Spectrum's Virtual 'Sleep Out' Draws Hundreds, Raises Record Amount | True 802 | Seven Days | Vermont's Independent Voice

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Spectrum's Virtual 'Sleep Out' Draws Hundreds, Raises Record Amount


Published April 7, 2021 at 10:00 a.m.

Participants Sam and Logan during the Sleep Out - COURTESY OF SPECTRUM YOUTH & FAMILY SERVICES
  • Courtesy Of Spectrum Youth & Family Services
  • Participants Sam and Logan during the Sleep Out

For the past 10 springs, Spectrum Youth & Family Services has hosted a Sleep Out to raise money for the programs it provides young people, some of whom are homeless.

A large group would gather at the First Unitarian Universalist Society of Burlington at the top of Church Street. Spectrum execs and their clients would talk up the organization before everyone camped outside on the downtown church's lawn to approximate the experience of sleeping unhoused in Vermont's biggest city.

"What you hear are the garbage trucks and people yelling at each other," said Erin Barnaby, Spectrum's communications officer. "You feel a little bit unsafe, but not even close to the amount of unsafeness you'd feel if you were lying there by yourself."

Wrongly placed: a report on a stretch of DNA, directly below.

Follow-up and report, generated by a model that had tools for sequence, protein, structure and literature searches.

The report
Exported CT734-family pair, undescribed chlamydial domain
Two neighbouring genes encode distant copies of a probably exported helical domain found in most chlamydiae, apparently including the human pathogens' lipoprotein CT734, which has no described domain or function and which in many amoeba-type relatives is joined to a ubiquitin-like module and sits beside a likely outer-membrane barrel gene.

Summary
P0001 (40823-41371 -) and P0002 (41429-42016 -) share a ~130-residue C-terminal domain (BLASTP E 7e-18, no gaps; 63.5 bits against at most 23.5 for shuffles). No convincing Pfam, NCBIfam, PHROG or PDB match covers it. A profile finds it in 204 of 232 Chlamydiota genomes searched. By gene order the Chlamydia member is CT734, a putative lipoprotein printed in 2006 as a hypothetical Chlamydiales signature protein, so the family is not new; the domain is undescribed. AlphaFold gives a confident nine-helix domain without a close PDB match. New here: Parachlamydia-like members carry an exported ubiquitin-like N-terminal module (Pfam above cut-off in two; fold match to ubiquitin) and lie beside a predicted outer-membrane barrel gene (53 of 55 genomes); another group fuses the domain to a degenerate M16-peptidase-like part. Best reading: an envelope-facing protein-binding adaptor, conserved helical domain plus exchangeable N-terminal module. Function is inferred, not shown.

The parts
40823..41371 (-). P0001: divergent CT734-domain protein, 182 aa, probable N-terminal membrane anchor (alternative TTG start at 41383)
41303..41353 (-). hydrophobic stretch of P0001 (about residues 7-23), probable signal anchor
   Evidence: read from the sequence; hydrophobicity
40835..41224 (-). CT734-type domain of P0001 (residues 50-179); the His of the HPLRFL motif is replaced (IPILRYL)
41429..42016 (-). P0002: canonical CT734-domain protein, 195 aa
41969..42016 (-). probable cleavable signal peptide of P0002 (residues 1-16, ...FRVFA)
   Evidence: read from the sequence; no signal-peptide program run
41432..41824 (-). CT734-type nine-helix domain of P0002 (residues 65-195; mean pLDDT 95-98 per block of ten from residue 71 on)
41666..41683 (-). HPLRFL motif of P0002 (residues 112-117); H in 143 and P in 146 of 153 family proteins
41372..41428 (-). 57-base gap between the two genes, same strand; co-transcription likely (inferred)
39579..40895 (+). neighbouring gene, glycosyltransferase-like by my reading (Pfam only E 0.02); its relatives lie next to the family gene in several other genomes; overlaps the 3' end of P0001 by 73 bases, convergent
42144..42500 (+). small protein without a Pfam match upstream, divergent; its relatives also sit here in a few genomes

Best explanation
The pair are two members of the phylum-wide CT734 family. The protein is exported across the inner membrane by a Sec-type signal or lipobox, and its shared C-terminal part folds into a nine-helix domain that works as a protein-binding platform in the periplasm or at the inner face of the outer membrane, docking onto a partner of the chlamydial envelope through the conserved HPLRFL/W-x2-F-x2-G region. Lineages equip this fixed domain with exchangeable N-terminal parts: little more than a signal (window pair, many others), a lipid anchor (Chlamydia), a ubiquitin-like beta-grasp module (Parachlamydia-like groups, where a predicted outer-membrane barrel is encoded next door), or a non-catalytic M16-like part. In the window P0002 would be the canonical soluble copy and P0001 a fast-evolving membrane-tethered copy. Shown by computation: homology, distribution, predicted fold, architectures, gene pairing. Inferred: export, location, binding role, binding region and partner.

That all changed last year with the coronavirus pandemic. Spectrum quickly turned the Sleep Out into a virtual event, allowing people to bed down wherever they were. The changes, and the pandemic, led the nonprofit to fall short of its fundraising goal of $300,000.

With more planning this year, Spectrum's Virtual Sleep Out raised more than $440,000 from some 400 participants, about 270 of whom were students and their families. Both figures were record highs, according to Barnaby.

People slept in tree houses, backyards and parks. The weather that night was cold, in the thirties, with some drizzle.

One of the top fundraisers was the Red Hot Chilly Dippers, a group of women who swim in Lake Champlain all winter. They raised nearly $38,000, according to Barnaby. One member, Tian Berry, has spoken previously about benefiting from Spectrum's services when she was a young person dealing with mental health and housing challenges.

Barnaby said that younger, at-risk people have been adversely affected by the pandemic.

"They had all of this stress to begin with, and now it's gotten even greater; it's gotten that much harder," she said.

The original print version of this article was headlined "Raising for Roofs"